|Posted by Mike Warburton Photography on December 26, 2012 at 3:15 AM|
Firstly can I just apologise to the members of this site that received Spam emails last week through this site.Unfortunately its one of the downsides of running your own website and was beyond my control,sorry.
I trust everyone is enjoying the holiday season and the time off work has given me some time to work on a new Short Eared Owl site.There are up to 8 birds there and its a site that is quite local too which is always handy.The area comprises of open damp moorland dissected through the middle by some sort of dis-used landfill.The Owls hunt either side of this area and show towards late afternoon most days.Research is always important where wildlife is concerned and a couple of trips combined with walking the Dog gave me some ideas in the best place to set up.
I have always found that a dry afternoon after a previous night of heavy rain and wind is the best time to go for Shorties as they would have been un-able to hunt in the bad weather.This is because they almost entirely rely on sound to locate prey.Last Saturday was such an afternoon so I gave it a go.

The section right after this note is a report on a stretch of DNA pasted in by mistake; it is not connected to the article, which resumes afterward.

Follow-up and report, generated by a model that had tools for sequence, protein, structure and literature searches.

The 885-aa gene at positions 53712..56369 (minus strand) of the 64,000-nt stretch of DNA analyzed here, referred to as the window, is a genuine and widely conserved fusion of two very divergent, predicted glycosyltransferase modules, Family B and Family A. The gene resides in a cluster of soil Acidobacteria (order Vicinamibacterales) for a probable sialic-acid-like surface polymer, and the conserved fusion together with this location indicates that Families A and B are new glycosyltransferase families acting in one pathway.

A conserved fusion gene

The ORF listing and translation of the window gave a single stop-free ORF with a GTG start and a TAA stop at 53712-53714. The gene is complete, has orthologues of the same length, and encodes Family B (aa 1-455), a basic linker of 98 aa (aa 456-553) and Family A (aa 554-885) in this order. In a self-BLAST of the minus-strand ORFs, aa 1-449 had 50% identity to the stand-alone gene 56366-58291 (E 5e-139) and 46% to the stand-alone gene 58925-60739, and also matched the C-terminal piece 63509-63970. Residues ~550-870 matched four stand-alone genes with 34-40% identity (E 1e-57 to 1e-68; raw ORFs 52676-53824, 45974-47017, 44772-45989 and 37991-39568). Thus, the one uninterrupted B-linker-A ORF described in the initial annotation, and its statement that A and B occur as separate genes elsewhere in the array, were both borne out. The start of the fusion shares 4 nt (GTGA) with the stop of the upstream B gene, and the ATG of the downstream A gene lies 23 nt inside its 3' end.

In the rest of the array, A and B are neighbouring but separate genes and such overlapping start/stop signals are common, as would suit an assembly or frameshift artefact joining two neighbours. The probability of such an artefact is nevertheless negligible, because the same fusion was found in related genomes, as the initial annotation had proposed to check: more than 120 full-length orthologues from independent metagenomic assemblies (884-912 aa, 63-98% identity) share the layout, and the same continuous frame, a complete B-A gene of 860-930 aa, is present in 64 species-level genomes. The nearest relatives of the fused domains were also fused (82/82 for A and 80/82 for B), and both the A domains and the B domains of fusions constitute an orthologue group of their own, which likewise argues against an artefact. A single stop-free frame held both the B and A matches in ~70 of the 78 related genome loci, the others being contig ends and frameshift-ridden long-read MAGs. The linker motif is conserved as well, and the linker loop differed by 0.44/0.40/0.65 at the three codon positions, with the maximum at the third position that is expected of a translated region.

I arrived with the Dog at about 2.30 and although it was dry the wind was up a bit.The landfill provides a natural wind barrier so my idea was that the Owls would hunt in the lee of this `hill` to maximise the ability to hear the Voles without too much wind interference.It would also mean that they would have to hover (a favoured hunting technique) below the top of the landfill bringing them within camera range.
A wasnt Ghillied up but was in my basic camo gear and just set up the tripod just behind some rocks and settled down.I had to wait until about 3.15 before the first Shortie arrived but he was too far for pics.It didnt take him long to make his way towards me though and the first shots were in the bag.
When shooting on open ground like this your eye gets `pulled` to other movements and one such instance resulted in a fly through Merlin.Way too fast for me to lock onto despite recently aquiring a new Canon 50d with much better auto-focus than my previous camera.Another incident resulted in a male Hen Harrier quartering the hillside about 400 metres away.I took a shot just for record purposes but what a stunning Bird that was.
The next Owl to come close enough for a shot was one of two that were having a dispute quite a distance away.At first he didnt notice me but when I made a `squeak` he came and hovered about 10 feet above me giving me quite a good stare.He flew off and started to hunt about 30 metres away where he gave me my best opportunity of the session for a hovering shot.
The sky was grey and the light was failing which meant high iso and low shutter speeds so my hit rate wasnt great but pleased to have come away with something.All in all I had 4 Shorties around me on that session and the research on the site had paid off.They should be around until at least March so hopefully it will give me some more opportunities but hopefully in some better light.